At the Compass Rose, one of our firm convictions is that the new Taser weapon technology was a very bad idea from the start, and the trend across the nation of adopting these new "stun" guns for common use by municipal police department forces in the field opens a whole new sphere for potential abuse of legal authority.
In the Mehserle case, a young, inexperienced Bay Area Rapid Transit officer was called into a scene as a back-up, to assist in quelling a near-riot on the Oakland Line train and platform. When he arrived, the situation was only partially resolved, and several obstreperous young African American males, identified as primary participants in the melee, were in the process of being detained, and arrested. Mehserle was not aware of whether these men were armed or unarmed, and in the general confusion, with BART patrons screaming and milling about very nearby, the situation verged on chaos. At any moment, members of the crowd might riot, and given this tension, if any of the young hooligans involved in the incident had been armed, any or all of the officers would have been at great risk.
I am not a lawyer, and I can't debate the various remedies proposed by the Prosecution or Judge in Los Angeles. Apparently, the jury has been instructed to waive a possible Murder One conviction, since Mehserle could not be shown to have premeditated the act. However, there appear to be a couple of obvious things to note.
1) Mehserle did not intend to shoot Grant with his pistol. You would have to believe that Mehserle was either mentally deranged--a diagnosis that no one (including the Prosecution) has suggested--or that, under the pressure of the moment, he simply went haywire and, in full view of his fellow officers, and a large crowd of witnesses, he "decided" to use lethal force. A mental incapacity defense might have been one possible choice among those available to Mehserle, but it was decided not to employ this, since Mehserle had no history of mental instability.
2) Given his behavior at the scene of the crime, stating his complete surprise in the confusion of the moment that he had in fact shot Grant with his pistol, instead of his Taser, it's inconsistent with a belief that he acted deliberately and with malice. It's much more likely, given the circumstances, that he mistook his service revolver for his Taser weapon, and used one thinking it was the other.
Locally, there's been a good deal of public sentiment directed at Mehserle. The African American community has risen up in protest against what it sees as a "racist" act of violence, and has threatened to riot if the verdict doesn't satisfy their sense of justice. I find this all a little odd.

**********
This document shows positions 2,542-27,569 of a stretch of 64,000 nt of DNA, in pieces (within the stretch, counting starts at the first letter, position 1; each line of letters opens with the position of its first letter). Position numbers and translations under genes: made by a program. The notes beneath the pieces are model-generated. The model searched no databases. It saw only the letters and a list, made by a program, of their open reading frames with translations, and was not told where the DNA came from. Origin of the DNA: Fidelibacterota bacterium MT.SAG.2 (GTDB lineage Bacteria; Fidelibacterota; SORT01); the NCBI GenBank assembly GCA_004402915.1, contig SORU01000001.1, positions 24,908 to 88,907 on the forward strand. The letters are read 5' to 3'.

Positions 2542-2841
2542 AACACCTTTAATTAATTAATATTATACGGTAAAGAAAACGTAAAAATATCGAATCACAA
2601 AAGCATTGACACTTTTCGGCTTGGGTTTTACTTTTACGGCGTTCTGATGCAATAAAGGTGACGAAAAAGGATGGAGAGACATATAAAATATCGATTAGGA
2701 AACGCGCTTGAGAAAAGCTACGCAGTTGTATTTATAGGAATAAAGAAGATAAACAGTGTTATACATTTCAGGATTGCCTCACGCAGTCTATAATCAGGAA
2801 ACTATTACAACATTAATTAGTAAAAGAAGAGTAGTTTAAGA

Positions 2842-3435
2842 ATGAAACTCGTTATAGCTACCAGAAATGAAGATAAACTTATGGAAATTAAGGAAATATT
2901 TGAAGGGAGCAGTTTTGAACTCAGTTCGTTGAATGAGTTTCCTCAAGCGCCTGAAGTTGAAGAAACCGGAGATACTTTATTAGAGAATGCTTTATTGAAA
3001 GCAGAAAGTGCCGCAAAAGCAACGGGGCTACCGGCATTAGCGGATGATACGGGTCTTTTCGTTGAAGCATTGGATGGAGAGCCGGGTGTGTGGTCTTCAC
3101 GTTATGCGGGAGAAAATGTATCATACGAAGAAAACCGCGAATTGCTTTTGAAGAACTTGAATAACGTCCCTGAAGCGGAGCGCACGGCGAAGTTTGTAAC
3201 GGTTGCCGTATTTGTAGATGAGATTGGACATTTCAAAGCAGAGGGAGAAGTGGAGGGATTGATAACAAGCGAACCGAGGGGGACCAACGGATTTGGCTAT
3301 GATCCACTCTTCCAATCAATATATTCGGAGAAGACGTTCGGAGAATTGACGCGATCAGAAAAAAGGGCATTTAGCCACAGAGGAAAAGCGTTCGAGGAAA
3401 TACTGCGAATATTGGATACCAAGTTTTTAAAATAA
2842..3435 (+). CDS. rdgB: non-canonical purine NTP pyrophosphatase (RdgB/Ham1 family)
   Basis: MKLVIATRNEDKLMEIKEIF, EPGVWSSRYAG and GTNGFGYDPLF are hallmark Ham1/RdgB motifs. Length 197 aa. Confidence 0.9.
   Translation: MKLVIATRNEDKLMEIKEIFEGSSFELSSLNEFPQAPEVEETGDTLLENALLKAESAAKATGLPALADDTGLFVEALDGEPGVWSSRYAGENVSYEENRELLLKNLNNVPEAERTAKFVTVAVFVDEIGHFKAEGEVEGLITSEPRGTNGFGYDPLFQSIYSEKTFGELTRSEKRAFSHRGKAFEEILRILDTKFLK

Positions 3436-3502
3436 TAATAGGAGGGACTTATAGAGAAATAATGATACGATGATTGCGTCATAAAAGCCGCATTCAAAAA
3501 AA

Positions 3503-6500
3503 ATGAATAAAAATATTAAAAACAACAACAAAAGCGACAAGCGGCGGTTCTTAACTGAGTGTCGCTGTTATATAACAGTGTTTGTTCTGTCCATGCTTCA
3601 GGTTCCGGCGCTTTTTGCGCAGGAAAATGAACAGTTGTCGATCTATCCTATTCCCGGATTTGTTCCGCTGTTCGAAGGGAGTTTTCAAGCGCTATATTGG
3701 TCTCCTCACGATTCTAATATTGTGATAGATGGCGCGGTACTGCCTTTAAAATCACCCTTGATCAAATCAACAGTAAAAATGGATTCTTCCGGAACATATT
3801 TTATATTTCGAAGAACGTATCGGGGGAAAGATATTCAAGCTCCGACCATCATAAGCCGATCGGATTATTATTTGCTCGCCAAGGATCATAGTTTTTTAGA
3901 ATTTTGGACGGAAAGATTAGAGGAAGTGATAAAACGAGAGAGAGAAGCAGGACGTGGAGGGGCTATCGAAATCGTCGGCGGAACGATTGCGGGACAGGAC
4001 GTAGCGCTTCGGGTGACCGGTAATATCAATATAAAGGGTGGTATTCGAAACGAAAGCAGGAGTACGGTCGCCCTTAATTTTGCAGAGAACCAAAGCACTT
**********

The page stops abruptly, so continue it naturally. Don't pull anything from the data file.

Following the O.J. Simpson trial in 1995, public sentiment was neatly divided along racial lines. The White community believed that Simpson had escaped justice, in being found not guilty on technical grounds (for the premeditated knifing murder of Nicole Brown Simpson and Ronald Goldman). Though Simpson had clearly done the deed (blood of the victims was found in his car), the African American community preferred to think that justice had been served, and were satisfied that one of their own could get away with a crime, just as they believed white people routinely did in our system of justice. It didn't seem to concern them that systemic corruption isn't made all right by performing more corruption within the system.
Having tried Mehserle and found him guilty, the African American community now apparently wants to see real "justice" in the form of a murder conviction, and if they don't get it they've threatened to riot in protest. Business owners and public service establishments in Oakland are preparing for the worst, nailing up plywood barriers over their street fronts.
Personally, I don't think Mehserle intended to kill Oscar Grant. If he had wanted to disable Grant, he could obviously have shot him in the leg or shoulder; shooting him directly in the back supports his allegation that he was using the stun gun, and not his pistol. I think of him as a victim of circumstances, and guilty (at most) of poor judgment, or perhaps poor performance. But Oscar Grant--despite what you may think of him as a man--did not deserve to die--in the way he did---even if he had been packing a weapon. An involuntary manslaughter conviction is probably the best outcome we could hope for here.
But the real issue here is the use of Tasers. Even if you believe that Mehserle's testimony about his confusion between weapons is a fabrication, it's a fabrication built upon opportunity, and that opportunity was made possible by the department's policy of authorizing the carrying of Tasers by its officers.
As long as these dangerous toys continue to be used by officers in the street, there will be abuse of them, and further instances of the kind of "confusion" that happened in the Mehserle case.
Tasers must be outlawed!